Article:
The UK government has ruled out narrowing the gap between doses of coronavirus vaccine for care home residents, resisting pressure from the sector to reconsider its contentious decision to delay the second inoculation to help stretch supplies.

Care England wrote to Matt Hancock, health secretary, and Chris Whitty, England’s chief medical officer, on January 21, suggesting it would be “pragmatic to re-evaluate the evidence” for spacing out the shots more widely, amid reports of elderly residents catching the disease weeks after receiving their first shot.

As ministers race to meet a deadline of mid-February for vaccinating everyone aged over 70 plus health and care workers, the government has opted to leave a gap of up to 12 weeks between doses to maximise the number receiving at least one vaccination. One person familiar with discussions said in practice the gap was likely to be about 11 weeks.

Asked if there was a prospect of accelerating the second jab in care homes, Helen Whately, care minister, told the BBC’s Today programme: “I’m not expecting to do that because we want to protect as many people as we possibly can by getting the first jab to them.”

Later on Monday, Mr Hancock told a Number 10 media briefing: “We have visited every eligible care home with older residents in England and offered vaccinations to all of their residents and staff. This has been an incredible example of health and social care working side by side to protect people who are in the most need.”

Martin Green, chief executive of Care England, which represents care home operators, praised the speed and effectiveness of the rollout. But he added that a second dose within a shorter timescale “might help protect those most at risk of severe disease and mortality and also alleviate the burden upon the NHS by preventing hospitalisation”. Care England is also seeking assurances that there will be adequate supplies of the second dose.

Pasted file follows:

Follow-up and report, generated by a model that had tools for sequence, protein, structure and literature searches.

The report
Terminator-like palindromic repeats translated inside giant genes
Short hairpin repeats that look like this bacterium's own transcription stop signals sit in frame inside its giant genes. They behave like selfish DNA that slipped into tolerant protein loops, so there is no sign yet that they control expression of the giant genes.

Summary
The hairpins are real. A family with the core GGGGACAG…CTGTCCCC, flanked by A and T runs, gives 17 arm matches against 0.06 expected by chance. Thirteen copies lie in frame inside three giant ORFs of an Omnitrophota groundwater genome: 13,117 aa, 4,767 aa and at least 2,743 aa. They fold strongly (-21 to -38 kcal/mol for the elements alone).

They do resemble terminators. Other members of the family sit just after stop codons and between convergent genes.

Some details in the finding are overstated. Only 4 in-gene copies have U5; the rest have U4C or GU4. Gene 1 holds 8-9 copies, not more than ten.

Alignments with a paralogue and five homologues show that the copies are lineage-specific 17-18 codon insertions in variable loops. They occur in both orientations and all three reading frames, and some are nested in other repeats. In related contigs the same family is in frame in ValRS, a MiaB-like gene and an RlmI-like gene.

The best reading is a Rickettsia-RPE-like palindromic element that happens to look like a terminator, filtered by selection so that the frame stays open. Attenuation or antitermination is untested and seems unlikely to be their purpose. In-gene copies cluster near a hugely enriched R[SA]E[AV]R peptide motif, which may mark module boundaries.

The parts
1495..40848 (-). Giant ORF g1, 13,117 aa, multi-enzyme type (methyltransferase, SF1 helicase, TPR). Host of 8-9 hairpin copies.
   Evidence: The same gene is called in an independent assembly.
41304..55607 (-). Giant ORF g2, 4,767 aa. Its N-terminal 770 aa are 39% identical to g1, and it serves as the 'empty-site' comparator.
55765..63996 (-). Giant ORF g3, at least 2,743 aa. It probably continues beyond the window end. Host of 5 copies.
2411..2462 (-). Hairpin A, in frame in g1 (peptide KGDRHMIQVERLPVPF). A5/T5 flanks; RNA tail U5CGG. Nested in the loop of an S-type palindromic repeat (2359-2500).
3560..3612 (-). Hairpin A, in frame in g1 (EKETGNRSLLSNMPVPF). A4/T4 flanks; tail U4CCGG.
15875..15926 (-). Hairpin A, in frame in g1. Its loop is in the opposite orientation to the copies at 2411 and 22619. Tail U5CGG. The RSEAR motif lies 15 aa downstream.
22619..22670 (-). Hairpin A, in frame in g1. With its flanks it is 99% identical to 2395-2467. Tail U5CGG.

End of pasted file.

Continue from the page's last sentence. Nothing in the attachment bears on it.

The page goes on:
Deaths in care homes with Covid-19 on the death certificate have risen by about a third in England and Wales over the past week.

On December 31, the UK’s four chief medical officers said they were “confident that based on publicly available data as well as data available to the [Joint Committee on Vaccination and Immunisation] . . . that the first dose of either Pfizer or [AstraZeneca] vaccine provides substantial protection within two to three weeks of vaccination for clinical disease, and in particular severe Covid disease”.

Geoff Butcher, who runs a group of six care homes in the Midlands, said it had completed inoculation of all its residents over a week ago. However, in one of its homes more than half the residents had recently tested positive for the virus in an outbreak that had started three weeks after receiving the Pfizer vaccine.

Five had since died “directly from Covid . . . these are people who were elderly and frail but we [previously] had no concerns about them and they’ve all got Covid on their death certificate”, he added.

Martin Vernon, a consultant geriatrician in Greater Manchester and formerly a senior official in charge of care for older people at NHS England, said he had recently seen “a substantial outbreak” in a fully vaccinated care home that would have been due for the second dose round about now, within the 21 day interval. “Unfortunately some of those people are now very poorly,” he added.

Prof Vernon likened the choice to go against the three week dosing interval tested by Pfizer during clinical trials, to the decision, about a year ago, to move people out of hospital and into care homes without testing them for the disease, helping to spread the virus.

“We are knowingly being instructed to expose one of the most vulnerable groups a second time around to a level of risk that we cannot easily quantify but can anticipate to be higher than if we had followed the available scientific evidence,” Prof Vernon said.

The health department said: “[The approved vaccines] provide a high degree of protection after the first dose, and the government has closely followed the guidance of the Joint Committee on Vaccination and Immunisation which was clear that we should give as many people as possible some level of immunity initially.”

Additional reporting by John Burn-Murdoch